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To Calm Unrest, Tunisia's President Promises Changes

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To Calm Unrest, Tunisia's President Promises Changes


To Calm Unrest, Tunisia's President Promises Changes

To Calm Unrest, Tunisia's President Promises Changes

  • Download
  • <iframe src="" width="100%" height="290" frameborder="0" scrolling="no" title="NPR embedded audio player">
  • Transcript

Tunisia's president is facing the worst unrest in his 23 years in power. Earlier this week, protesters clashed with police and the violence spread across the North African country. The president has promised sweeping changes, and says he'll step down in 2014. Demonstrators, however, have returned to the streets.


It's MORNING EDITION, from NPR News. I'm Steve Inskeep.


And I'm Renee Montagne.

The North African country of Tunisia has prospered in recent years, and is a popular destination for Western tourists who go there for its beaches and antiquities. But its people have been living under an authoritarian president who's ruled for nearly a quarter of a century.

Last night, they took to the streets, celebrating what could be a turning point. The president, Zine El Abidine Ben Ali, agreed to sweeping reforms and says he won't run for reelection in 2014.

Eleanor Beardsley is in the capital, Tunis, and joins us now.

Hello, Eleanor.

ELEANOR BEARDSLEY: Good morning, Renee.

MONTAGNE: You know, remind us of what's behind all of this, how it got started.

BEARDSLEY: Well, I love the way one French newspaper characterized President Ben Ali and Tunisia. He said he's a little Caesar of a democratic facade. And that's really what Tunisia is. It's not a real democracy. There's no real freedom of speech. The press is censored. Opposition has either been jailed or exiled. There's cronyism, corruption.

It is a peaceful tourist destination. Europeans love to come to the beaches. And all that has worked for a while because when the economy was OK, people accepted, you know, a lesser degree of freedoms. But then when the economy tanked, things went bad.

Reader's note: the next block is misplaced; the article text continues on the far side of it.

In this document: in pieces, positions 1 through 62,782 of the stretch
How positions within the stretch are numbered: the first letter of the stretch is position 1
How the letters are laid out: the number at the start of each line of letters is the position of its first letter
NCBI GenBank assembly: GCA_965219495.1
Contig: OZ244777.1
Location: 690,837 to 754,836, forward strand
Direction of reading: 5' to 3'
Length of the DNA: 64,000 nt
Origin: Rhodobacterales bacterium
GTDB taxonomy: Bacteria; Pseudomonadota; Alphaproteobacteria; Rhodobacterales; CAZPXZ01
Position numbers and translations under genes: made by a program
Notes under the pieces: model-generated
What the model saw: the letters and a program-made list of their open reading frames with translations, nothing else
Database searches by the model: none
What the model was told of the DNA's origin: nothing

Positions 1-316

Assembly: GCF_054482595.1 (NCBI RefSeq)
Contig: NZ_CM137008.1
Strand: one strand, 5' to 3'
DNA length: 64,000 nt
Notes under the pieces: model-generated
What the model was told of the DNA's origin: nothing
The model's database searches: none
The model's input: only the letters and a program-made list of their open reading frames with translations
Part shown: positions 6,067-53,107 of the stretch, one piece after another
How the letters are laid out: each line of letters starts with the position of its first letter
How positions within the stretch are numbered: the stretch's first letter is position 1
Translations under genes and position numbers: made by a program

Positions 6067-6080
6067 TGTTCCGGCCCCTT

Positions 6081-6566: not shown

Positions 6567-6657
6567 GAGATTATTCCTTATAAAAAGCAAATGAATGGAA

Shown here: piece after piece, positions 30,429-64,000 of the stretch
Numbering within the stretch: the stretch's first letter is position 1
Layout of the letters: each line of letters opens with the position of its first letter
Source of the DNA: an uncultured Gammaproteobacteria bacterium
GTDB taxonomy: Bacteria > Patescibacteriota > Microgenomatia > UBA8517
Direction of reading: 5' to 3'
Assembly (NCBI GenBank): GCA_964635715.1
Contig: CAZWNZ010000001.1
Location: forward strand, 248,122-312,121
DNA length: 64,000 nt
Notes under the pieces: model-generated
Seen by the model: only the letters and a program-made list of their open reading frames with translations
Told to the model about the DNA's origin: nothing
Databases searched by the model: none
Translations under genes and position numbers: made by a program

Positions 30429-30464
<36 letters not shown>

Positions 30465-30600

And what happened was a young man, university educated, in the south of the country, couldn't find a job, like many young Tunisians. And so he bought a stand and started selling fruits and vegetables. Well, the government confiscated his stand and apparently slapped him in the face and humiliated him.

And so he was so frustrated, he set himself on fire in front of the town hall, and he died. And that struck a chord with people, because many people are unemployed. Many people, you know, are educated and they just can't make ends meet.

It not only struck a chord with people in Tunisia of all ages and, you know, economic backgrounds, but also throughout the Arab world. There's a lot of pent-up frustration over the economy, over rulers that keep people tamped down. So that just ignited the country, and young people started rioting.

MONTAGNE: And initially, the government responded itself with violence. It -protestors were shot and killed.

BEARDSLEY: That's right. Even by the government's own admission, 23 people were killed. The opposition says about 50 people were killed. Yeah, apparently, government snipers shot people from rooftops.

So it was very bad violence. The whole world - and the Arab world, in particular - has been watching Tunisia, because this - it's a huge crisis. The government was shocked by the people's outpouring of anger, because, as you said, President Ben Ali has ruled for 23 years, and there's been nothing like this before.

MONTAGNE: What made the president change?

BEARDSLEY: Well, Renee, it seems that he was shocked and overwhelmed by the violence that's been going on here for the past month. He went on TV last night, and he said to the Tunisian people: I have heard you. I've understood you. And he really spoke to them. And people said for the first time, he used the Tunisia dialect and not classical Arabic. And he told them: I'm going to give you press freedoms. I'm going to open up the country and give you freedoms. I'm not going to run again in 2014. He promised no more violence. He promised jobs.

So he really seemed - he was contrite. He was sorry about the deaths. And he gave them what they wanted. So, you know, in 24 hours, the country completely changed.

After President Ben Ali's speech, people just poured out into the streets screaming, you know, you're the father of our country. We love you. We love Ben Ali. I mean, they just couldn't tell you how much they loved him. So everything has completely changed in the last, I'd say, 12 hours.

MONTAGNE: And I suppose, just briefly, the question is: Will that last, and will he deliver?

BEARDSLEY: Well, Renee, that's what everyone's waiting to see. There's been a turning point. The crisis has been averted for now. But he has to stick to his promises.

And I think we'll something immediately, because the opposition is holding a demonstration today. And I can already hear it out into the street - out in the street right now. And people are sounding angry. So what are the opposition people going to say? Are they going to think that what Ben Ali did was enough? So we'll see pretty soon.

MONTAGNE: Eleanor, thanks very much.

Eleanor Beardsley, speaking to us from Tunis, Tunisia.

BEARDSLEY: Thank you, Renee.

MONTAGNE: And we'll continue to bring you updates on these anti-government protests as we get new information through the morning.

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